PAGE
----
who had settled at Clevedon, near Bristol, was thrown on his literary resources.
After some attempts at publication, and the projection of extensive plans
of occupation and industry, tired of his village retirement, he removed
to Bristol, and appeared as the editor, or rather writer, of the „Watchman,“
a weekly political journal; but his indolent irregularity caused the extinction
of his work at the tenth number.

 Failing in expectation of employment in the London
press, he retired in the latter months of 1796, to a cottage at Nether
Stowey, in Somerset, at the foot of Quantock Hills, on the grounds of Mr
Poole, a gentleman whose friendship he has affectionately commemorated.
Through this friend’s means he became acquainted with Wordsworth and the
two Wedgewoods. His name was soon associated with that of Wordsworth in
the publication of the „Lyrical Ballads;“ and a mutual resolution of the
poets to write a play produced Coleridge’s tragedy „Remorse.“ This was
the most happy period of his life. His poetical faculty, which had budded
in his sixteenth year, was ripened under the genial impulses of nature,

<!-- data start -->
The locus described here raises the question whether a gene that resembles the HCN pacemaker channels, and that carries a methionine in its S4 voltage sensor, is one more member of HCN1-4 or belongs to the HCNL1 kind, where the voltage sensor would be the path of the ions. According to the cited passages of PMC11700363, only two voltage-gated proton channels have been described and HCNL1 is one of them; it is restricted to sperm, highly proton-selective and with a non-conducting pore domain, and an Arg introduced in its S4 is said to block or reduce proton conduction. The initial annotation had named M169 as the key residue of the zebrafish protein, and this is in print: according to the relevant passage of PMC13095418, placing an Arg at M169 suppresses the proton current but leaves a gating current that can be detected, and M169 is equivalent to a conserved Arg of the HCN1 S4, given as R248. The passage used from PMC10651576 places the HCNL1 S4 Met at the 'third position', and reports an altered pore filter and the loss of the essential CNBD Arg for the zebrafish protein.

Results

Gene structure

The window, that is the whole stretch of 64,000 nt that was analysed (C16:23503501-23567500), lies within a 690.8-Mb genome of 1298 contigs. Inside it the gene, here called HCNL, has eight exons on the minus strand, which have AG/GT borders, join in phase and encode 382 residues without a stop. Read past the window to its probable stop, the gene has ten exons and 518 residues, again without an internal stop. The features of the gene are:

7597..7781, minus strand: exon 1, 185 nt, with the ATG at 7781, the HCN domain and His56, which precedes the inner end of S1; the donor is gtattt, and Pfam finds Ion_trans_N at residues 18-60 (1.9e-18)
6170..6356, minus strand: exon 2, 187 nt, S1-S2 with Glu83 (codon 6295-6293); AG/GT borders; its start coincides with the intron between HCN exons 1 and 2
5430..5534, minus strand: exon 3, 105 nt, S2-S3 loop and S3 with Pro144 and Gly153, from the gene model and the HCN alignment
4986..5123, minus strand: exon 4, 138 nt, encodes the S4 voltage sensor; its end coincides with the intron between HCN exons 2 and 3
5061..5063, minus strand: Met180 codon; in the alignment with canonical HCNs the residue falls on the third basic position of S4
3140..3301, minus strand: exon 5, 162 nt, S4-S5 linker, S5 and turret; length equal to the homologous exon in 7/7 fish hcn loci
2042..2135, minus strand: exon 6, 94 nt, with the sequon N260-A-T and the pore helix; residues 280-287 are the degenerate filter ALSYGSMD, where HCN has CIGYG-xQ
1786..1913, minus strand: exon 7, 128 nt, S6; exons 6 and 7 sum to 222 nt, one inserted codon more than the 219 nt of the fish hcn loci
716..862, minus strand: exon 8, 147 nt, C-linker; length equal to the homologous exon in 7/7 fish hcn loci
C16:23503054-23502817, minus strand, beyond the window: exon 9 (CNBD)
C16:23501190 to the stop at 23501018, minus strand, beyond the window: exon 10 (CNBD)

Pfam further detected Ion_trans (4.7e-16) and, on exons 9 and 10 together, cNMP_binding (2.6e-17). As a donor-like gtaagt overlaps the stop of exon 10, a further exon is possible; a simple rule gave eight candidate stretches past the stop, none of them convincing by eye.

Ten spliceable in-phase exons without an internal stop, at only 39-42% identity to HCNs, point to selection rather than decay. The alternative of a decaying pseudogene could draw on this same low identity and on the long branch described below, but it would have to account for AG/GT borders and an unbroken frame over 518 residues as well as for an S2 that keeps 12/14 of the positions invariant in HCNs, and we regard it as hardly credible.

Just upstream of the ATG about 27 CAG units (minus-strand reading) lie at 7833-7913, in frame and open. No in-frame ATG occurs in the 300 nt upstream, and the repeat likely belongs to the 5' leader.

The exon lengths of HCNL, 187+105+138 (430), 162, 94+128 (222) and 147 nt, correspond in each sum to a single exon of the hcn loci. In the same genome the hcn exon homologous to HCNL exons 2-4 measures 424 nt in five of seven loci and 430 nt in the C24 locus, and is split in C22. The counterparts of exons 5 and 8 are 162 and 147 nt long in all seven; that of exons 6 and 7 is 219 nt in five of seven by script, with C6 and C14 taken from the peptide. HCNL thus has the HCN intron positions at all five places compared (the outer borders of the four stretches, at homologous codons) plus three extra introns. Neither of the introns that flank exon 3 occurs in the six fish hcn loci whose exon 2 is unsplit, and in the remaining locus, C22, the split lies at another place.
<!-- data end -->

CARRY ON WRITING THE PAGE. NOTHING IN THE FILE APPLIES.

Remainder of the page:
friendship, and domestic affection.

The first part of Christabel belongs to this year. He
pursued his favourite metaphysical studies, oscillating between system
and system, and his speculations were soon to receive new and important
impressions from travel in Germany with Mr Wordsworth. Coleridge had accepted
in 1798 the office of Unitarian preacher to a congregation in Shrewsbury,
and had actually preached his first sermon–of which Hazlitt has recorded
a glowing account–when the „generous and munificent“ offer of a life annuity
from the two Wedgewoods extricated him from his Unitarian engagements,
and enabled him to set out with Wordsworth for Germany.

 He was industrious in the study of the literature
and philosophy of that country, and may be regarded as the introducer of
German philosophy to the notice of British scholars. Shortly after his
return, Coleridge and his family settled for some years with Southey, at
Keswick, in the neighbourhood of Wordsworth. Meantime his opium-eating